So, whatever its other previous rationales, in the current turbulent Circum-Caribbean environment (turbulent in the sense of being an arena deemed ripe for revision of existing political and economic relationships), these situations would seem to substantiate a prime case for “making haste quickly” in determining the extent of the institutional cohesion which the Caricom zone can now sustain. And this we take to have been the prime reason for the decision of Heads of States/ Governments to revisit the issue of more effective decision-making/implementation processes through, first, the Prime Ministerial Expert Group, and secondly, the establishment of the Technical Working Group on Governance of Caricom.

The need for greater cohesion in Caricom at this time, stems from the movement from free trade integration with its emphasis on changing the conditions of trade through reduction of tariffs – the so-called “negative integration” to establishing rules, in the context of the Single Economy that would harmonise the conditions of production in an identified economic space – the so-called “positive integration”

This positive integration implies policies that require active intervention in the economic systems of national states in respect of the identified economic space, so as to facilitate movement of the factors of production by private or public agents. The possibilities (scope) for such movement must have a predictable basis, which
is another way of saying that they must be underpinned by legal arrangements.

Without the automaticity of implementation and adjudication, and thus the predictability that a legal system gives – that is the assurance of continuous rule-making, to underpin private and public policy decisions – investors would be loathe to undertake activities in respect of identified economic spaces. And equally importantly, governments themselves would be loathe to commit to joint policies that leave open the possibly of inequitable treatment because of the hesitation or tardiness of partners in passing necessary laws. Successful “positive integration” presupposes this approach. And it necessarily reduces the scope for ad hoc and contingent responses to decisions to be taken (which, frankly, is another way of saying that it reduces the scope for the unilateral use of sovereign power to reject the implementation decisions collectively made).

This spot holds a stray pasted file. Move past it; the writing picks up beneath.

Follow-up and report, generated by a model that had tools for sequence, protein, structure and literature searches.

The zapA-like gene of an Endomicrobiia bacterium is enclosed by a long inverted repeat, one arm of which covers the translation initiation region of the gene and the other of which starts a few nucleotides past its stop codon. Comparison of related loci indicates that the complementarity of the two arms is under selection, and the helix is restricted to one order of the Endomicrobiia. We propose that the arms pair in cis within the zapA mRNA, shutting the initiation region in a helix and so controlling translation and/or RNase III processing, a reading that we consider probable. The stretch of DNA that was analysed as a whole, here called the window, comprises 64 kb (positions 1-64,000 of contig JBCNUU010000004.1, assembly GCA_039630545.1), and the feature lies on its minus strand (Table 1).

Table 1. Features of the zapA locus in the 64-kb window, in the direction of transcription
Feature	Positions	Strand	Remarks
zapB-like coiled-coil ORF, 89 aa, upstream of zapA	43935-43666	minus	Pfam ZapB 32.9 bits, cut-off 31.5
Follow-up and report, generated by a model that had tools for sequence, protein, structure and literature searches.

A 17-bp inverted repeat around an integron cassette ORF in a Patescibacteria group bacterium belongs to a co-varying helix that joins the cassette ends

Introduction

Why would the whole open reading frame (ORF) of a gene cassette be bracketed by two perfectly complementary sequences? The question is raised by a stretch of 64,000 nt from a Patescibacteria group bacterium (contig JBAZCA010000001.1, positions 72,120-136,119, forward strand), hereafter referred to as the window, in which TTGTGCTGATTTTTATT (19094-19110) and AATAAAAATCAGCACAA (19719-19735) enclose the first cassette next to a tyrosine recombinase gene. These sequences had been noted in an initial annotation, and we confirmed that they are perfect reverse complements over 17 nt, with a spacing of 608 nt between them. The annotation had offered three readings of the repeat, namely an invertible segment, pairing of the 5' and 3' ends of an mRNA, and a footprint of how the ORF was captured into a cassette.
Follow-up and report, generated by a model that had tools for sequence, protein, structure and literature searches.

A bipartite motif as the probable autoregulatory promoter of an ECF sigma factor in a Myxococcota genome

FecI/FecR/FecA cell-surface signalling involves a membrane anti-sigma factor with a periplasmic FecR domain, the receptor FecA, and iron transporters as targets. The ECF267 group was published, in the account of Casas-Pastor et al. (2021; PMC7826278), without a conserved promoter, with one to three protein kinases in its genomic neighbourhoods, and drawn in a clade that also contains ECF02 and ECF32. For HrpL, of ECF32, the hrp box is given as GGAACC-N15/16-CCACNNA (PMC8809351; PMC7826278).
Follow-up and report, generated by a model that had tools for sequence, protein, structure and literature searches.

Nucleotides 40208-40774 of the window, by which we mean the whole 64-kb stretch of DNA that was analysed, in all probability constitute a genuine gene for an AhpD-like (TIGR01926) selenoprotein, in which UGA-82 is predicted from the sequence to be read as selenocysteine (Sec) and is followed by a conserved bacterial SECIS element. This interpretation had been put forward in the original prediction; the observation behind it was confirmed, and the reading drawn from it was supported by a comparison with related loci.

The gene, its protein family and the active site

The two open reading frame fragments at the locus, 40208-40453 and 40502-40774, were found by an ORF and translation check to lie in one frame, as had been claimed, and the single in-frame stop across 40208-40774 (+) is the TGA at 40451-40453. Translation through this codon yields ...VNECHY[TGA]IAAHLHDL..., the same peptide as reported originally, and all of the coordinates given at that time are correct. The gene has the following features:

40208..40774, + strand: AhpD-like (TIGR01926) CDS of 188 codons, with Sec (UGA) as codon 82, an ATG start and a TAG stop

We need to note, of course, that by comparison, the European Economic Commu-nity’s system started off on a reverse footing from the evolution of our own integration process. The breaking point for those discussing the required processes and institutions for European integration came with the distinction between those whose concern was with the mere removal of barriers to trade, and those who were in pursuit of structural integration – the creation of new production bases through joint organization and decision-making in addition to the freeing of trade. Thus, having originally commenced with the establishment of the Coal and Steel Community, the EEC in effect proceeded with a form of positive integration requiring deep involvement in specific areas of the national economies of participating states, coupled with the necessary collective legal apparatus to ensure enforcement.

The evolution of the discussions on whether the United Kingdom itself should join the EC , and Britain’s decision not to initially do so, but to participate in the “negative integration” approach of EFTA, has this distinction between the positive and the negative as the core of the still differing approaches to integration between Britain and continental Europe. It has, I believe, also been the intellectual/ideological influence on our own approach to integration, and our belief in a philosophy of sequential so-called “stages of integration”, with positive integration and its necessary collective legal processes as the last of the stages.

The depth and continuity of this influence in the United Kingdom is indicated in a statement made in early 2007 by Lord Norman Blackwell, head of the Prime Minister’s Policy Unit between 1995 and 1997 (the last years of Conservative administration) and now Chairman of the United Kingdom Centre for Policy Studies. He observed:

“The ideal 21st century solution might be a ‘European Commonwealth’ where we continue as part of a European free trade area and continue to cooperate on a wide range of individual common programmes where we have a mutual interest with out neighbours – but with participation based on intergovernmental agreement rather than imposed through EU legislation [my emphasis]